Last year, when both had become confirmed invalids and developed strong Unionist principles, Dr. Mackay wrote to One Ash, pointing out that now at last, and on the brink of the grave, they had one bond in common regarding which there was no misunderstanding—“Could not they again shake hands, if only by letter?” The reply came by an early post. It was brief, emphatic, and wholly satisfactory. For both the sun of life was surely and swiftly setting—and it did not go down in wrath. The outcome of this correspondence proved a great consolation to Dr. Mackay, and up to the time of his death he frequently alluded to it in touching language.

The “misunderstanding” alluded to in Dr. Mackay’s letter had reference to his own decided views on the Slavery question. He had always been an advocate of gradual Abolition. But neither in regard to this, or to Home politics, could he make up his mind to agree with radical or violent changes in the existing order of things.

Mr. Bright had been but one of a great many other friends of Dr. Mackay who gave him the credit of shaping the Times “policy” at the outset and throughout the course of the disastrous Civil War in America; but the following letter from the then manager of the Times, found amongst Dr. Mackay’s papers, affords conclusive evidence of the strong position taken up at Printing House Square in favour of the South: more especially so in the concluding paragraph, which we have caused to be put in italics:⁠—

Times Office,

“September 22, 1862.

“My Dear Sir,—The only effect your slight illness seems to have had is to make your pen flow, if possible, more freely than ever; and a recumbent position appears to be favourable to vigorous writing. You are rightly informed that Mr. Lawley corresponds with us direct. There has been no stoppage of this letter hitherto, nor do I anticipate any; but he will not interfere with you, nor will the interest of his letters ever exceed that of yours. You must fall very far below your present mark before you cease to occupy the first place among our correspondents. Everyone expects to hear ere long that Baltimore is in the hands of the Confederates. The land communication thus cut off between New York and Washington, will the Government remain in the capital or seek refuge in New York? Our military men say that the Confederates will not attempt Washington, the policy being to keep a large force of the Federals idle around it. All the little sympathy that once existed for the North has disappeared.⁠—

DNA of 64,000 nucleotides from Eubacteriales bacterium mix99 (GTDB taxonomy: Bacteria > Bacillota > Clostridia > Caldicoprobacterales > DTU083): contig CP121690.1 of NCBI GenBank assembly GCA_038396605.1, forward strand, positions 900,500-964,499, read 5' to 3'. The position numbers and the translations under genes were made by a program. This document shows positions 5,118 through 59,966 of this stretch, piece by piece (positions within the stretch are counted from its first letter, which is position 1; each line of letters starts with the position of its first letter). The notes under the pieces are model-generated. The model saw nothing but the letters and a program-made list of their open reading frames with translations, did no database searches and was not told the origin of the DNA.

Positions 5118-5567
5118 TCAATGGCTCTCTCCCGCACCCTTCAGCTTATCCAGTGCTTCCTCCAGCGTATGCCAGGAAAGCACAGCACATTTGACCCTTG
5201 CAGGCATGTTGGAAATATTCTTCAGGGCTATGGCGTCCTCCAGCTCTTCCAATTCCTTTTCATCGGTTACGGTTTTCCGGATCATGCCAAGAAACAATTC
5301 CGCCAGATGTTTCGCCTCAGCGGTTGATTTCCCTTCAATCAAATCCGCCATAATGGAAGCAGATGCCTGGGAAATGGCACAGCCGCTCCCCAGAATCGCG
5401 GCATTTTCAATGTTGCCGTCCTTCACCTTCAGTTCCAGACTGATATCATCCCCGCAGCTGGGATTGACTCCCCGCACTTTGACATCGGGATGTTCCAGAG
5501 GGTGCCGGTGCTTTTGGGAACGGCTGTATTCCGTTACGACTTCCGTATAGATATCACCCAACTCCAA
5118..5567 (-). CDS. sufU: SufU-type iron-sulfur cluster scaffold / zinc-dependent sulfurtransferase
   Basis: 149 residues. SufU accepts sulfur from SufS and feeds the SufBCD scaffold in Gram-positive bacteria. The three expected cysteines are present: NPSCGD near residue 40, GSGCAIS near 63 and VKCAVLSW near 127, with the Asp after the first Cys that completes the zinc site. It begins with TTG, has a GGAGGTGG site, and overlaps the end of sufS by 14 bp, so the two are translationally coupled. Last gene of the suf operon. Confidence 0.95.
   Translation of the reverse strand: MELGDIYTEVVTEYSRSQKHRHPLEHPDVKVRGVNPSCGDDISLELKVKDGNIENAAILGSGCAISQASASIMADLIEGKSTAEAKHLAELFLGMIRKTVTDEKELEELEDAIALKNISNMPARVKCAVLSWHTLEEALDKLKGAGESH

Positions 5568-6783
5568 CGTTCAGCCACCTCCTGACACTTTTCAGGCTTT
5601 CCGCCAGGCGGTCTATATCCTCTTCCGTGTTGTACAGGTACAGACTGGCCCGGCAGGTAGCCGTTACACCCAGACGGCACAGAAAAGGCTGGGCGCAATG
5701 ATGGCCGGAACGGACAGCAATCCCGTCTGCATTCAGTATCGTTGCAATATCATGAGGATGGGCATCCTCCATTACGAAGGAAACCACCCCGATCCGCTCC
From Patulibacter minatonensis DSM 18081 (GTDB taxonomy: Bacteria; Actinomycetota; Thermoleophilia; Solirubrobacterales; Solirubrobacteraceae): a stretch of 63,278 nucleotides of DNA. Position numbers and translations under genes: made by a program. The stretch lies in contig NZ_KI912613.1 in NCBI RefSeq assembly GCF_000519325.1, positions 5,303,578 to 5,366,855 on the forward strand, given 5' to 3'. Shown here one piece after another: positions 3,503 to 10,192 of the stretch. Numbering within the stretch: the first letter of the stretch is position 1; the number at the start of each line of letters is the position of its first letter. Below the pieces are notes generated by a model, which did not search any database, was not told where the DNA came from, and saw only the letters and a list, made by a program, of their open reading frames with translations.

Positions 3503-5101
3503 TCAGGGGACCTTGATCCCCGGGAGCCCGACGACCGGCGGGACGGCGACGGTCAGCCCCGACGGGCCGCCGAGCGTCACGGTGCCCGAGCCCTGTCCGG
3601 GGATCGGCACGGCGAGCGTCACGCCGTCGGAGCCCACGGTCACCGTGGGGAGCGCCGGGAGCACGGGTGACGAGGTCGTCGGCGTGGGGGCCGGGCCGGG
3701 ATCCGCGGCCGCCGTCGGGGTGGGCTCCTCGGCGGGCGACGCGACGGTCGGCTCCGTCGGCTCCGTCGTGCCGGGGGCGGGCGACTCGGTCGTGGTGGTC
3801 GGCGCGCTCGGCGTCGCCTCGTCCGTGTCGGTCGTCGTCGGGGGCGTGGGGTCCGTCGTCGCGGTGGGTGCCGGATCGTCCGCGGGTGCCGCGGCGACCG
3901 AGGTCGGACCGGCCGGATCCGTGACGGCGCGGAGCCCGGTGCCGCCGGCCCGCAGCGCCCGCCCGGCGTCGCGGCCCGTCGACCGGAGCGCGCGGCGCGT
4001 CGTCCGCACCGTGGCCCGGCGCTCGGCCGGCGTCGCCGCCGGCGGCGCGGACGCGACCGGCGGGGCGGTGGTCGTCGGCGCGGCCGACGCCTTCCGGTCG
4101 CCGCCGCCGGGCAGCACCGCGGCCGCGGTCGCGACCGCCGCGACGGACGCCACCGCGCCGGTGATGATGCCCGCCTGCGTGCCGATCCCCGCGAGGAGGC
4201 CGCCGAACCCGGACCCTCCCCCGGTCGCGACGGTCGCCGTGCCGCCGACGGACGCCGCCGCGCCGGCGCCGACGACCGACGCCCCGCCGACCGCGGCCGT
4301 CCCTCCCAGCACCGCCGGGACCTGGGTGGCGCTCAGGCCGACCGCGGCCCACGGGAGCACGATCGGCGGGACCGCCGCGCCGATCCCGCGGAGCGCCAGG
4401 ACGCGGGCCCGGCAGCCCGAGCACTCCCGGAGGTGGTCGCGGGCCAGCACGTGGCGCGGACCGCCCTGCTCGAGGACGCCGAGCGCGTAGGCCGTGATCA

Very truly yours,

Mowbray Morris.

“Charles Mackay, Esq., New York.”

Returning once more to England, after a most enjoyable stay (if we except the “Bright episode”) at Oban, to which he and his family bade adieu with great regret, Dr. Mackay took a lease of what he termed his “Poet’s ‘Pleasaunce’” at the foot of Boxhill, close to the village of Dorking in Surrey. George Meredith, the novelist, was his near neighbour, on the slope of the hill; and the celebrated hostelrie on the roadside to which Nelson and Lady Hamilton repaired on the eve of the hero’s departure for his “last fight,” was within a few minutes’ walk of the poet’s charmingly situated home.

But with all its beauteous surroundings, the “Pleasaunce” had to give way to the heart-cherished land of his infancy; and, year after year, up till about 1883, Dr. Mackay and his wife and daughter spent the greater part of summer and autumn at Oban. Here it was that he met and became intimately acquainted with Professor Blackie; and through lengthened conversations with him anent the “Gaelic,” Dr. Mackay resolved to study and acquire a thorough knowledge of that intricate language. That he did so successfully is sufficiently well established by his “Gaelic Etymology of the English Language,” a portly volume of over 600 double-column pages, published in 1877, and now equally scarce and valuable in the book-market. It is the versatile author’s magnum opus in prose.

It is not our intention to enter into a detailed description of Dr. Mackay’s prose works,—they are all equally able and recondite. His massive head was well stored with useful knowledge of every kind. Douglas Jerrold used to call it his “Lexicon.” “Whenever,” he said, “I am at a loss for the meaning or spelling of a word, or in search of a date, reference, or information regarding things terrestrial or celestial, I apply—if it be near me—to Mackay’s ‘Lexicon.’”

However, it is chiefly as a Poet, the designation he most coveted, and that which he has so nobly won, both on this and on the other side of the Atlantic, and in France and Germany (many of his poems having been translated in both countries and freely sold), that we now mean to briefly treat of Charles Mackay. He always laid it down as gospel, that a poet, to be truly such, should aim at more than merely “delighting” his readers. “The true poet,” he affirmed, “must likewise be a Preacher of Natural Religion, and his utterances should have no uncertain sound.”